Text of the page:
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My brother and I signed up for a market research company who are concerned with testing foods on the population before release. It was a fun process but I just realized how many potential flaws there are in the company's screening process.

When my brother turned me on to the company he said it was an easy way to make a quick $50 bucks. The appeal was that I could spend an hour or so trying new recipes for good pay. All I had to do was wait for a phone call that would determine whether I was a good candidate. My brother instructed me to answer yes to all of the questions in order to be accepted into each test and thus pocket the cash.

Whenever I received a phone call, I would answer however I thought the researcher wanted me to answer in order to increase my chances of being selected. If they asked me if I liked t.v. dinner I would say I love them. If they asked how often I watch game shows I would say almost every morning. I was lying a lot. Now, studying communication research, I'm more aware of how much I may have been contributing to the sample error. And I wonder how many other people acted the same way, more attracted to the incentive than the livelihood of the research. As I was thinking about this, I wondered how this company could improve their filter. Then I thought that a filter may not be necessary if the company started pulling samples from a larger pool of people that are proven to be interested in the beneficence of whatever product is being tested on them. In other words, why don't market researchers look for samples where they know the populations is tied to the research target.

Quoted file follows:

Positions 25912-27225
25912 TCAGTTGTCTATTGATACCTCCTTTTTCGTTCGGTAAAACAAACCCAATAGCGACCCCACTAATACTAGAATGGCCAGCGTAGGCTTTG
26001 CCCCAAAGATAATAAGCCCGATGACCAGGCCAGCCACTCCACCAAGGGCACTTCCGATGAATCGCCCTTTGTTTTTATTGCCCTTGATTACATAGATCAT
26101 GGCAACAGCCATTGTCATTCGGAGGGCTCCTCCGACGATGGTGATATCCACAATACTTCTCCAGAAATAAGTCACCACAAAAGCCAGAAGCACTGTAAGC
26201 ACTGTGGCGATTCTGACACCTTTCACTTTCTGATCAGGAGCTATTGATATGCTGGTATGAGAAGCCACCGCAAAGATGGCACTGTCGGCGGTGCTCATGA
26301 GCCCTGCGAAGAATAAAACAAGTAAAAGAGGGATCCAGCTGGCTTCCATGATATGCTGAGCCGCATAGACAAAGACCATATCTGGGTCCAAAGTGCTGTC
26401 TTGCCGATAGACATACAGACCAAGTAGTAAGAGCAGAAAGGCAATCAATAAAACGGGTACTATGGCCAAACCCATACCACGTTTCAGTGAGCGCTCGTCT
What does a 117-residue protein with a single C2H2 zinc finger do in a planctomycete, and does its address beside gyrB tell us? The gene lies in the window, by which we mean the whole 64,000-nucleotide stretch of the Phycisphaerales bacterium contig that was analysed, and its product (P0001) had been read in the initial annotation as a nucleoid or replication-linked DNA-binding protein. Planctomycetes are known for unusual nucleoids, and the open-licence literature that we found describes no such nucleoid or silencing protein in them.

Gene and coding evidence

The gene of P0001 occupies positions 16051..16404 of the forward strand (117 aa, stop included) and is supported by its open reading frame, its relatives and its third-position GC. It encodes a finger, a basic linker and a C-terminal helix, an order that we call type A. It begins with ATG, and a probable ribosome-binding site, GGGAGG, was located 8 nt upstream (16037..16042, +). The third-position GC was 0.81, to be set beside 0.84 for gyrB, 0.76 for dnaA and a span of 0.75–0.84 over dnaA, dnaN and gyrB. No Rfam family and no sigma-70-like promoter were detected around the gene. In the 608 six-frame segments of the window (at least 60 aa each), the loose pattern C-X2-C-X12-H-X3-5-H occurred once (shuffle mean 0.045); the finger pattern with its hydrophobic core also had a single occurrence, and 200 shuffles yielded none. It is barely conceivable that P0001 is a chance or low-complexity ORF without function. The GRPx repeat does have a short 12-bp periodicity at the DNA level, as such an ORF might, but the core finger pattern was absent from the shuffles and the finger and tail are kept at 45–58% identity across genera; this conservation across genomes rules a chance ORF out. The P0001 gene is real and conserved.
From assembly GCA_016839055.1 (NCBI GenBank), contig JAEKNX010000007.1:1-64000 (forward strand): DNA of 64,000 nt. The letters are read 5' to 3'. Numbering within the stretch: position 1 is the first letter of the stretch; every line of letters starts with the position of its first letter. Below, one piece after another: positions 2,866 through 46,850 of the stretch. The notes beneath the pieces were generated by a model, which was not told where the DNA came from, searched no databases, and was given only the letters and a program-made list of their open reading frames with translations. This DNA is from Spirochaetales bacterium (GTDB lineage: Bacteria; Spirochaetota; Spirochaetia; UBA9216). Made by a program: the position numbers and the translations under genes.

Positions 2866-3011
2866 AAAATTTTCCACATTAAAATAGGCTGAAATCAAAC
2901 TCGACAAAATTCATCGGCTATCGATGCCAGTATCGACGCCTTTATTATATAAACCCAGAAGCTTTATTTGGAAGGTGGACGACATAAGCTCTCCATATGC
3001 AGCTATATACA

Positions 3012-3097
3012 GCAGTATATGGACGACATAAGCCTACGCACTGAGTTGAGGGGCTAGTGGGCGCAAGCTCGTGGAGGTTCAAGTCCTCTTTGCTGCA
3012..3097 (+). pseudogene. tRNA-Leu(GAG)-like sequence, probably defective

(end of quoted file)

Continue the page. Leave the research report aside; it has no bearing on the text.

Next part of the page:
For instance, check Neilsen ratings to find the key market for game shows, then base your calling list off of that demographic. This is pretty common sense I think and so I was surprised by the company I was involved with and how loose they were by selecting samples from random pools.

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This page contains a single entry by jochi005 published on December 5, 2012 9:19 PM.

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